What were some of your first impressions of the wedding venue Airship37 and how did you utilize the locations strengths in your wedding day photography?
Airship37 for me has a very raw, industrial, edgy kind of feel to it. The large open spaces also offer lots of potential for couples to make the space their own.
I loved that the venue offers lots of possibilities for shooting inside as well as outside, especially as this was a winter wedding. We took photos inside and outside of the vintage bus, inside The Gooderham Lounge, in The Hanger space, as well as just outside of the venue at night with the string lights.
You work very effectively with creative framing and composition in your work. How did you develop this interesting approach?
Oh, thank you! I guess it ties into how I try to keep growing and keep things fresh in my work. I constantly try to remind myself to not shoot the same way – to try to look at a shot from a different angle, include different elements of interest, making sure I have a good variety of wide and tight shots.
After shooting for a while, you become better at visualizing and you naturally start to have more ideas about how you could shoot something. For a wedding it’s especially important to have lots of ideas in the bank because you have to be able to come up with interesting and creative ways to compose your shot in a limited amount of time.
The “day of” shoot you did with Josh and Karen on the vintage bus at airship37 has such a timeless editorial beauty. What was the thinking behind these photographs and what experiences have you had that have given you the ability to achieve this outcome?
The experiences of shooting at different venues, at different times of year, under various lighting conditions have given me a pretty good idea of the type of images I can create within a given setting.
I knew I wanted the photos to have an intimate and warm feel and I knew that by the time we would get to photograph inside the vintage bus, we weren’t going to get a lot of light coming through the frosty window panes. If anything, the fairy lights on the bus would be a prominent source of light, adding mood and an intimate atmosphere to the shot, so I wanted to make sure I captured this element.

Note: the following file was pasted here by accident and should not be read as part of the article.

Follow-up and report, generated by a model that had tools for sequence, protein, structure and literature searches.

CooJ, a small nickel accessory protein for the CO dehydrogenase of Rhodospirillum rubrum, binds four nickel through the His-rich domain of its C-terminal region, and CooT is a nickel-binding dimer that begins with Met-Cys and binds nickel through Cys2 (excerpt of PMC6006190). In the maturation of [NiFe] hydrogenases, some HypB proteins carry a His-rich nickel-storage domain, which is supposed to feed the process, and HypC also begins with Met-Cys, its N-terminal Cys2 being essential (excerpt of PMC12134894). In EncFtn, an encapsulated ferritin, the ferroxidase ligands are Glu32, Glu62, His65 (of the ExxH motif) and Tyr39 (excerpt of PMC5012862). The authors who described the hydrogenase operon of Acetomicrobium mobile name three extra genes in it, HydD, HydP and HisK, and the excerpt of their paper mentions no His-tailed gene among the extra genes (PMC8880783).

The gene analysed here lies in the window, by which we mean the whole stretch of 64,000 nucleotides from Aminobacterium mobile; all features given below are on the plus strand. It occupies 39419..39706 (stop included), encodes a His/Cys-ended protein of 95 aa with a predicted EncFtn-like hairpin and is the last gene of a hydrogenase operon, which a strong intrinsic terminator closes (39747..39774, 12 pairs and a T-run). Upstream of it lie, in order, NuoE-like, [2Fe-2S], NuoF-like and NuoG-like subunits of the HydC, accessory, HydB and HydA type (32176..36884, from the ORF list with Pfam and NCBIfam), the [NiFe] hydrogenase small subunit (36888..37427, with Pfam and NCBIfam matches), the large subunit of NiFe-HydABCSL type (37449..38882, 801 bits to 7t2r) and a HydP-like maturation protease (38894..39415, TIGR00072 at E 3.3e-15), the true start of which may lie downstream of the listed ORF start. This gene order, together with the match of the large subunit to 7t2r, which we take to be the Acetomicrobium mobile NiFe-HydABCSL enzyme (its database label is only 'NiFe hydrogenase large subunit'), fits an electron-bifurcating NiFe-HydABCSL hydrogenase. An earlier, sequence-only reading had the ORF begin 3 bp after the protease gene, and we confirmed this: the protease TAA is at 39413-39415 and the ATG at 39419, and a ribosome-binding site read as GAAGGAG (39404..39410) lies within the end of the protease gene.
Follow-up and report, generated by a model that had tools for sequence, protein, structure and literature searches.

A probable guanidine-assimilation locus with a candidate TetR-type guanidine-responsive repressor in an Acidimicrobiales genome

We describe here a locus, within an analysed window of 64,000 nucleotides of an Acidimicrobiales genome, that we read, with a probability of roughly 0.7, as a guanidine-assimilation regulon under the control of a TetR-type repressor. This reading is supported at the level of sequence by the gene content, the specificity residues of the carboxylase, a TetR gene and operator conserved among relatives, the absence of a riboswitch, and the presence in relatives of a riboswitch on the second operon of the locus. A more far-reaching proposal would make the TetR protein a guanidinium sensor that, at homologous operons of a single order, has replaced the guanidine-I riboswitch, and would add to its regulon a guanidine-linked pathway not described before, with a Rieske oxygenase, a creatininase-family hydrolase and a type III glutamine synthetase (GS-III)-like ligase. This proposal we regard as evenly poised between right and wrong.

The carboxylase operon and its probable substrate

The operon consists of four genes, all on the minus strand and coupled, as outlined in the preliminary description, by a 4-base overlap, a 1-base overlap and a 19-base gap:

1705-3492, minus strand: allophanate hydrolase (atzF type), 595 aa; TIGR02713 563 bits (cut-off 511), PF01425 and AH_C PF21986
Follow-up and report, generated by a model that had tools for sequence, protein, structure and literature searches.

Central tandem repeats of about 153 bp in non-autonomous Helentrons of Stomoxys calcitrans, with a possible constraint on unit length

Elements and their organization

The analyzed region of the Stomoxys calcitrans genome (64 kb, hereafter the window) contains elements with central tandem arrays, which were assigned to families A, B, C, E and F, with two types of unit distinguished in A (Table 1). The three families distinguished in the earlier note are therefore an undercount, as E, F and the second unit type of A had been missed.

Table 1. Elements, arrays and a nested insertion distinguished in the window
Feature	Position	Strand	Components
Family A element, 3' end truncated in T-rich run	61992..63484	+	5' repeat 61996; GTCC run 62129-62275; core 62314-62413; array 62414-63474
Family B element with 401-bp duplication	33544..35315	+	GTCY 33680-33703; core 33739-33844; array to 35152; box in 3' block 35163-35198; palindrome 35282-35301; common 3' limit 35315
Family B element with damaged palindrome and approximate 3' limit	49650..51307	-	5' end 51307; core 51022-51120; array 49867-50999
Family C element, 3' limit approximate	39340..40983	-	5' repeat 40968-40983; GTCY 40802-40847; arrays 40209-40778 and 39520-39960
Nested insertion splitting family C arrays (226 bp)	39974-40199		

Having seen the inside of the bus when I went to see the venue, I knew that space would be pretty tight and while I wanted to capture a sense of intimacy, I also didn’t want to be all up in their space. So I chose to use a slightly wider lens than what I would normally use to shoot portraits, allowing me to capture a bit more of the surroundings, purposely choosing to include a bit more of the foreground in some shots to give a sense of being outside of their immediate space, to help give the couple and the photo a sense of intimacy.
How did you develop your food photography and still life skills?
Through trial and error and shooting a lot!
Your choice of style in shooting the wedding couple is in perfect sync with the unique personalities they project. How do you find a good fit with your style and each couples individual styles?
I always to try to have an in-person meeting or at least a Skype call with couples prior to them booking me so that we have the chance to get a feel for whether we would be a good match. Your photographer is probably one of the vendors you will spend the most time with on the wedding day, so not only is it important that you appreciate a similar aesthetic, but you should feel comfortable with each other’s personalities.
During a meeting, I talk to the couple about my approach to shooting weddings and I also try to learn about their photography goals as well. This discussion minimizes the chances of uncomfortable surprises for the couple and I don’t end up feeling like I need to compromise artistically.